Thank you Beryl, I might give it a try when my current shampoos are running low.

Alison Mackel says:
6 September 2020

We need this brought into affect as soon as possible with the ease of unqualified individuals having the ability to be barbers and hairdressers this causes issues for all those who spend 3 years building their skills in college.

With the modern appliances I am not sure I understand why it should take three years at college to be a shaver and haircutter. To be a competent and artistic stylist is different but that must surely start with some innate talent.

College courses cover far more than shaving and haircutting. The beauty industry is wide ranging and involves more than manual skills; there is a good deal of science, health and safety, and other related topics to learn.

I am sure there is Malcolm, but I was responding to Alison’s comment which referred to barbers and hairdressers and the time it takes for a professional to acquire all the skills whereas many practitioners of the art today have done none of that. My view is that many of them still do a good enough job.

In my recent memory I have enjoyed the attentions of hairdressers from Cyprus, Italy, Afghanistan, Turkey, Lithuania and somewhere else in eastern Europe and they have all been very good. I bet none of them did a three-year training course, however. My long-standing Italian hairdresser had been in Norwich for over fifty years before retiring last year and trained young hairdressers in his shop then supervised them until they were up to his Neapolitan standards.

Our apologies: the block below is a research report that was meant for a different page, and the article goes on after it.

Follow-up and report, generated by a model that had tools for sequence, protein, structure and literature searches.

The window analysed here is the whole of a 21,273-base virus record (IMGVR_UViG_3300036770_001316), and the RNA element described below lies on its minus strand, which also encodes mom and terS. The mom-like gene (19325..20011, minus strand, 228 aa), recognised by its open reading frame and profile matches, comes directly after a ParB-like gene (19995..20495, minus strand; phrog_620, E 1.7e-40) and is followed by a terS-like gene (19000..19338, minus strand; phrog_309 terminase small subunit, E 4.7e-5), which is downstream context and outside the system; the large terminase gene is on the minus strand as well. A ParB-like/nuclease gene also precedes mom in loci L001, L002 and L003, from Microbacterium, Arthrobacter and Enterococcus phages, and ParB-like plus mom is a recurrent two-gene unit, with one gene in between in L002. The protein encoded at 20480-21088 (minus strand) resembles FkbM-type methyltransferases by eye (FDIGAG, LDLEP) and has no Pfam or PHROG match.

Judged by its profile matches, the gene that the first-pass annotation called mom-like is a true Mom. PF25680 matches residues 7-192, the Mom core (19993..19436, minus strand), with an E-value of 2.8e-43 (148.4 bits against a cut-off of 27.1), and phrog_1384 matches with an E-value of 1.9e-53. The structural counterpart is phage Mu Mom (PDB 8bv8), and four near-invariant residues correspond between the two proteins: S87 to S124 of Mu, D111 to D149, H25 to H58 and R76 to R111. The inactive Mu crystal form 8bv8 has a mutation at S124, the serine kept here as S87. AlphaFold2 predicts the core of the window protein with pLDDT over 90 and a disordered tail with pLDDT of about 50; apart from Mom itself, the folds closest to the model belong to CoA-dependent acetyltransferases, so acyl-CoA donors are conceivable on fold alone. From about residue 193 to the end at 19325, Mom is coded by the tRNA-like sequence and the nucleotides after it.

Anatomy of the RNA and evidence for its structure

Lately there has been a wave of new ‘authentic’ Turkish barbers’ saloons opening in the city and in most towns in Norfolk; very smart premises and a stylish image. The hipster generation seem to favour them to trim their beards, finesse their quiffs, and give them the full works facially. I haven’t noticed any certificates of qualification on the walls.

I appreciate that things are different for ladies’ hairdressers where the staff have to also serve coffee and lay out the magazines nicely and where the telephone is the focal point of the trade.

Of course John. 🙂 I was thinking more of having my hair washed, shaped and tinted, eyebrows plucked and lightened, unwanted facial hair removed, nails done and facial make up applied.

My cleaner is also a qualified hairdresser so gives me a straightforward trim at home when needed.